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Transurethral resection of the bladder (TURB)Review literature: (Collado et al, 2000).
Indications for transurethral resection of the bladder (TURB)
- Removal of bladder tumors to enable a pathological diagnosis
- Endoscopic treatment of superficial bladder cancer
- Palliation of advanced bladder tumors
- Rare: treatment of interstitial cystitis
Surgical Technique of Transurethral Bladder Resection
Perioperative antibiotic prophylaxis
TURB should be done with sterile urine, any infection should treated with a full course of antibiotics. A perioperative antibiotic prophylaxis is often given, randomized studies for TURB are missing. Dosage is e.g. ciprofloxacin 500 mg p.o. 1-0-1 (for one day). Patients with risk factors for a urinary tract infection (diabetes, bladder stones and preoperative bladder catheter) benefit especially from an antibiotic prophylaxis. A perioperative antibiotic prophylaxis may reduce postoperative urinary tract infections, fever and may reduce the likelihood for urethral strictures.
The patient is placed in lithotomy position. Disinfect the external genitalia, the lower abdomen and the perineum and sterile draping. Spinal anesthesia or general anesthesia is needed for TURB. Spinal anesthesia offers theoretical advantages for the initial postoperative period: the patient is calm, the manipulation of the catheter is possible without pain, less pressing and coughing. General anesthesia with muscle relaxation eliminates the risk of an obturator reflex (see complications) and is preferable in lateral tumors.
Check for the width of the urethra, search for urethral tumors. The mucosa of the bladder (and prostate) is examined to identify all flat and papillary tumors.
Transurethral resection of the bladder (TURB)
- A resectoscope is introduced into the bladder (around 24 CH). If the meatus is too narrow, dilatation may be necessary. Urethral strictures need to be treated with internal urethrotomy.
- Visible tumor vessels are coagulated at the base of the tumor. The bladder tumor is resected at the base with the resection loop [fig TURB 1 and TURB 2]. After complete resection of the bladder tumor, the specimen is collected with a bladder syringe or Ellik-type evacuator.
- A separate specimen of the tumor margin and tumor base is collected to check for complete resection and to facilitate the identification of muscle-invasive bladder cancer.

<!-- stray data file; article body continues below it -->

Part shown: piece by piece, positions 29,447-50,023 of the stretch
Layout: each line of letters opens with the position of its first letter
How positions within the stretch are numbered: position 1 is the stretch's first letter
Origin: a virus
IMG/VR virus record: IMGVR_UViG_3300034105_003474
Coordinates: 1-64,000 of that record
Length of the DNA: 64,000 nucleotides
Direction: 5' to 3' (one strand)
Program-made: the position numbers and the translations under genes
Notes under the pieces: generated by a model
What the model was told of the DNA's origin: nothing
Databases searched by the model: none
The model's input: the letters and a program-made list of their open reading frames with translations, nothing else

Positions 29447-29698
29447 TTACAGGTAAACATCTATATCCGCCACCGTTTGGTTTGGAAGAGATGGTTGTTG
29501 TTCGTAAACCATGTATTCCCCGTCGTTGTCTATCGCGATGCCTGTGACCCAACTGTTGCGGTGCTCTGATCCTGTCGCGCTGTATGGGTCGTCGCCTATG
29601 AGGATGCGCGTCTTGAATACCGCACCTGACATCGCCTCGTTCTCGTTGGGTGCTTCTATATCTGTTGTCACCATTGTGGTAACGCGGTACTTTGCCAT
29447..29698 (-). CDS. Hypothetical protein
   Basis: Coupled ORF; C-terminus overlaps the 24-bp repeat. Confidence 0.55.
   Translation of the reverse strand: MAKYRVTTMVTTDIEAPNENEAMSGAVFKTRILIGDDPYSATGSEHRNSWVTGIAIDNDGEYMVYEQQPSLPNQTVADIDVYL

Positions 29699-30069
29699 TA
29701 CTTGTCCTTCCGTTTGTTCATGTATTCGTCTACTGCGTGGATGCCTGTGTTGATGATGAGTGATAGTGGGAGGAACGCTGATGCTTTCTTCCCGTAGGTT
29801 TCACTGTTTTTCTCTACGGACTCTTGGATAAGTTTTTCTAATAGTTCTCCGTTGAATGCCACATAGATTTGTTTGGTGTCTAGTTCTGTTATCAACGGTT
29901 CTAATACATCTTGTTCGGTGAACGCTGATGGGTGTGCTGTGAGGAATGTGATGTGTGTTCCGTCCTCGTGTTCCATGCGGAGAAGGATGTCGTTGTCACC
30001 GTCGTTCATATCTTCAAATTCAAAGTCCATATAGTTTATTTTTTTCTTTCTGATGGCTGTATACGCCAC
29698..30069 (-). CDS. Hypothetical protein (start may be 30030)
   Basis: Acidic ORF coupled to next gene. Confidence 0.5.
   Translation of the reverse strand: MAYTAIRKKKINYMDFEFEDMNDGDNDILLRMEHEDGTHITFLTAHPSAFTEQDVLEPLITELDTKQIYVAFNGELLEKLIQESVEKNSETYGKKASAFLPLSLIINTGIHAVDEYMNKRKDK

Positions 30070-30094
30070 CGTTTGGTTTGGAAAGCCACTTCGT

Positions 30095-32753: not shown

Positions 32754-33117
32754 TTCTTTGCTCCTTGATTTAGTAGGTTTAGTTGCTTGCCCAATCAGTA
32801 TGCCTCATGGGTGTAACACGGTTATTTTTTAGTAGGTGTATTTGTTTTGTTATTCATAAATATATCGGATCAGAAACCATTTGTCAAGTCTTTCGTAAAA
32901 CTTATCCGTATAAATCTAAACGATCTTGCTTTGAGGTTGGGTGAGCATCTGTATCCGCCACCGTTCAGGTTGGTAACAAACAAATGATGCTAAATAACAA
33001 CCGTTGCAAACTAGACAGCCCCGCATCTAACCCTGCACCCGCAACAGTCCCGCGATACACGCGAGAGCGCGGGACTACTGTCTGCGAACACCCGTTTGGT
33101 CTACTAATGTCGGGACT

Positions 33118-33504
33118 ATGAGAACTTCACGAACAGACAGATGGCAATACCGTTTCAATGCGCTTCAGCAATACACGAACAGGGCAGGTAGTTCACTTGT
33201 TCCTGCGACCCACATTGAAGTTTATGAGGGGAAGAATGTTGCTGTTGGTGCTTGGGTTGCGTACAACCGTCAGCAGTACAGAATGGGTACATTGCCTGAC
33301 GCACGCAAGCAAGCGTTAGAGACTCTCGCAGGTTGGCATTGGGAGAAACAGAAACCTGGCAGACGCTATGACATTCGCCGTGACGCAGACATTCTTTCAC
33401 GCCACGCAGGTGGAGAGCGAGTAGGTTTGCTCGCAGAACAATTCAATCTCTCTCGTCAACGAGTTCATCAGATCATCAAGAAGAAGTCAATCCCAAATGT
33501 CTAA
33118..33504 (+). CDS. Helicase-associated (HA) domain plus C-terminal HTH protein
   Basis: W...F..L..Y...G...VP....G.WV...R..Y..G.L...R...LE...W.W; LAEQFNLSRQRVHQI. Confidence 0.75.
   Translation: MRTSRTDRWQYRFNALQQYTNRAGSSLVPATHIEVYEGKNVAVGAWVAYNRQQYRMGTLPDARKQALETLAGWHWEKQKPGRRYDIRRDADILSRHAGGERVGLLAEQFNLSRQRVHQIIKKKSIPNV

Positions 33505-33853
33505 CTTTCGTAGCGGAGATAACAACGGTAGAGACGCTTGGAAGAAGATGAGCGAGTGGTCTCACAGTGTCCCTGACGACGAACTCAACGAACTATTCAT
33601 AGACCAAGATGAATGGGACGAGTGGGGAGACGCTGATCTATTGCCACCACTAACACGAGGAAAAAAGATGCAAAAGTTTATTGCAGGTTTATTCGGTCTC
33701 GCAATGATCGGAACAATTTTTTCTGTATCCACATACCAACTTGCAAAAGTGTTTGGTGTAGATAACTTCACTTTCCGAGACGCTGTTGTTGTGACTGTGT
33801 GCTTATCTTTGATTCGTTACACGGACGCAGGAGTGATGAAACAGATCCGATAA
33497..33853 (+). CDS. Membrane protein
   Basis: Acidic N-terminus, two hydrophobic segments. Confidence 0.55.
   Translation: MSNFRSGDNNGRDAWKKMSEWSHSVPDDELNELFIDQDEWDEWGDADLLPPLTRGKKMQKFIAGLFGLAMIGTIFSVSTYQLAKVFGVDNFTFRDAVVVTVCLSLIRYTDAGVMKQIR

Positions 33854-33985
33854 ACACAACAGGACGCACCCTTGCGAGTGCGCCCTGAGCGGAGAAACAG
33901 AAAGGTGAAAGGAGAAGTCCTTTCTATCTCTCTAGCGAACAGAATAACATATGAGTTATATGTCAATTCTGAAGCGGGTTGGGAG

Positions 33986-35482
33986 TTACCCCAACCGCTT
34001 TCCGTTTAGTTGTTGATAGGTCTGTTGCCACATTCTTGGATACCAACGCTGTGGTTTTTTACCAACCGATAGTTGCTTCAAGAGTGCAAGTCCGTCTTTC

- Multiple small lesions, especially in known bladder cancer, are treated with fulguration.
- Meticulous hemostasis finishes the operation, a irrigation catheter is introduced.
TURB: resection loop at the base of papillary bladder tumor (histology: Ta low grade bladder cancer).
TURB of a solid bladder tumor (histology: T1 high grade bladder cancer)
TURB: Postoperative Management
Early instillation of Mitomycin C:
- The early instillation of mitomycin C reduces the risk of bladder tumor recurrence by 50%.
- Dosage: instillation of 40 mg mitomycin C in 40 ml normal saline into the bladder for one hour. The instillation is best done immediately after surgery.
- Contraindications: perforation of the bladder, severe postoperative bleeding.
Irrigation prevents clot formation and may reduce the risk of tumor recurrence. Remove the catheter after 1–3 days, depending on the depth of the resection and postoperative bleeding.
Complications of transurethral resection of the bladder (TURB)
- Bladder perforation (2–10%): can be managed with catheter drainage for 4–7 days, depending of the size. Healing can be controlled with cystography. Surgical exploration and repair is rarely needed.
- Severe bladder perforation can happen with obturator nerve stimulation during resection of lateral tumors. Obturator nerve reflexes may require general anesthesia with muscle relaxation or an obturator nerve block. Spinal anesthesia does not prevent obturator nerve reflexes.
- Bleeding and clot retention: transurethral clot evacuation and coagulation with anesthesia in 3%.
- Urethral injury and urethral stricture formation
- Vesicoureteral reflux, ureteral injury or obstructive uropathy, if resection across the ureteral orifice must be done
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Index: 1–9 A B C D E F G H I J K L M N O P Q R S T U V W X Y Z
- Collado, A.; Chechile, G. E.; Salvador, J. & Vicente, J.
- Early complications of endoscopic treatment for superficial bladder tumors
J Urol, 2000, 164, 1529-32
Deutsche Version: Transurethrale Resektion der Harnblase (TURB)